"Don't Tell Mom..." is at an interesting cultural crossroads. It's basically the last of the Eighties high-concept comedies: the same broad category as films like Big and Crocodile Dundee, where the whole film comes from the pitch. However, we get to see shades of Wayne's World-esquire Generation X teen movie, especially in the character of Rob, and unfortunately the short-lived genre of 'kids acting in grown-up situations and delivering ever-so-amusing grownup lines.' John Hughes was the master of this style of film-making, and there's definitely shades of his work in here, most noticeably the setting of a film largely within a family house.

First of all - the pitch. Kids left at home for summer with babysitter. Babysitter dies and kids must fend for themselves with as few people let in on the secret as possible. From this moment on, the film was always going to go about the format of throwing its naive, brattish teenagers in the real world at the deep end and extracting as much amusement as possible from their sinking-or-swimming.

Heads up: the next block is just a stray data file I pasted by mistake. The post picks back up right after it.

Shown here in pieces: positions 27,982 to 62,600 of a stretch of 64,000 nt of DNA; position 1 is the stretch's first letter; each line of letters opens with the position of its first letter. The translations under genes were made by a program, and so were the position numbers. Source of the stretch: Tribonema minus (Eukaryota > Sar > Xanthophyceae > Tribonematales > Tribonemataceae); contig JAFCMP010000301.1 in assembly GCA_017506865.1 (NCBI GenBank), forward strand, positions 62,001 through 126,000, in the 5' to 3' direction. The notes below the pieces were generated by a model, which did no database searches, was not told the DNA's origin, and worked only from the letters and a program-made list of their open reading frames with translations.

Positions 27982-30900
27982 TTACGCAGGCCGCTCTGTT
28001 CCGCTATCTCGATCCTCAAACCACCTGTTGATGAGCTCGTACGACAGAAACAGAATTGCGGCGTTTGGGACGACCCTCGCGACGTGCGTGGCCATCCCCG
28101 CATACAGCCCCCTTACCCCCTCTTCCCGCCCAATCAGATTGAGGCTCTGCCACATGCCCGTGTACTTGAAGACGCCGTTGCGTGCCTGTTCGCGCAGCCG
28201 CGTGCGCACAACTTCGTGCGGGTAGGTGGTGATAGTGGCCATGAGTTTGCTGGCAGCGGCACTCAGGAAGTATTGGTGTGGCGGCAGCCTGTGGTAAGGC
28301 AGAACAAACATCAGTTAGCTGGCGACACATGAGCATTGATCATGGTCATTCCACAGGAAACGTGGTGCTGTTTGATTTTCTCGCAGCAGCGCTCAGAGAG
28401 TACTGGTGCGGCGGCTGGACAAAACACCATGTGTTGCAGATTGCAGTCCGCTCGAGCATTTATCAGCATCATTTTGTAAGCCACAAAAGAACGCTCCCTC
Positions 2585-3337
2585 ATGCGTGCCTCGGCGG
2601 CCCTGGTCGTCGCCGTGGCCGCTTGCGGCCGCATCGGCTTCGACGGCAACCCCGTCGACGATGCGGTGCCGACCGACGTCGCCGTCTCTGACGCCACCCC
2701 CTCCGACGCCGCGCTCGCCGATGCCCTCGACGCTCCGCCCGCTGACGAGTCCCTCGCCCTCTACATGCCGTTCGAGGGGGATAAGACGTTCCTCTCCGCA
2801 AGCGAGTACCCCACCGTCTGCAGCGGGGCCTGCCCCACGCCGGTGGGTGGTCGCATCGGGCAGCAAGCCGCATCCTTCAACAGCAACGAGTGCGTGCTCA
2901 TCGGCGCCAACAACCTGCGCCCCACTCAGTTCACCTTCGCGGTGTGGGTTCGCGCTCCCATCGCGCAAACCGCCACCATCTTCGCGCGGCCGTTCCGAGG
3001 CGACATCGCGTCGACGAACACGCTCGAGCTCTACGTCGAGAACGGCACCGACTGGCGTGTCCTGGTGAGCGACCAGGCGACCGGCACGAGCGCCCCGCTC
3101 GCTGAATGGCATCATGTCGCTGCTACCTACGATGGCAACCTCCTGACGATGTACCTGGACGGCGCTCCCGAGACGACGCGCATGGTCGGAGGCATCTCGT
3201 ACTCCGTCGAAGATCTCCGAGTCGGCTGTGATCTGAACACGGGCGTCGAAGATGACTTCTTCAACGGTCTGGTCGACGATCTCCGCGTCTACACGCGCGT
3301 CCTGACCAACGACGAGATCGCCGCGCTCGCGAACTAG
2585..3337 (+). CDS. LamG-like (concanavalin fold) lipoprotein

The screenplay starts to thin at this point. Of the five kids in the house, only two are feasibly old enough to work, or indeed to learn any sort of life lesson throughout this experience. The plot then follows Sue Ellen as she stumbles her way into a job and up the corporate ladder (the script is devoid of jokes at this point, but I kept watching because Christina Applegate is a surprisingly good actress.) Everything from this point is a misjudgment - it's virtually scrawled across the screen that Sue Ellen is getting some life lessons and becoming a young adult. The film could have done without the 'boyfriend' storyline though - it's without doubt the saggiest part of the film.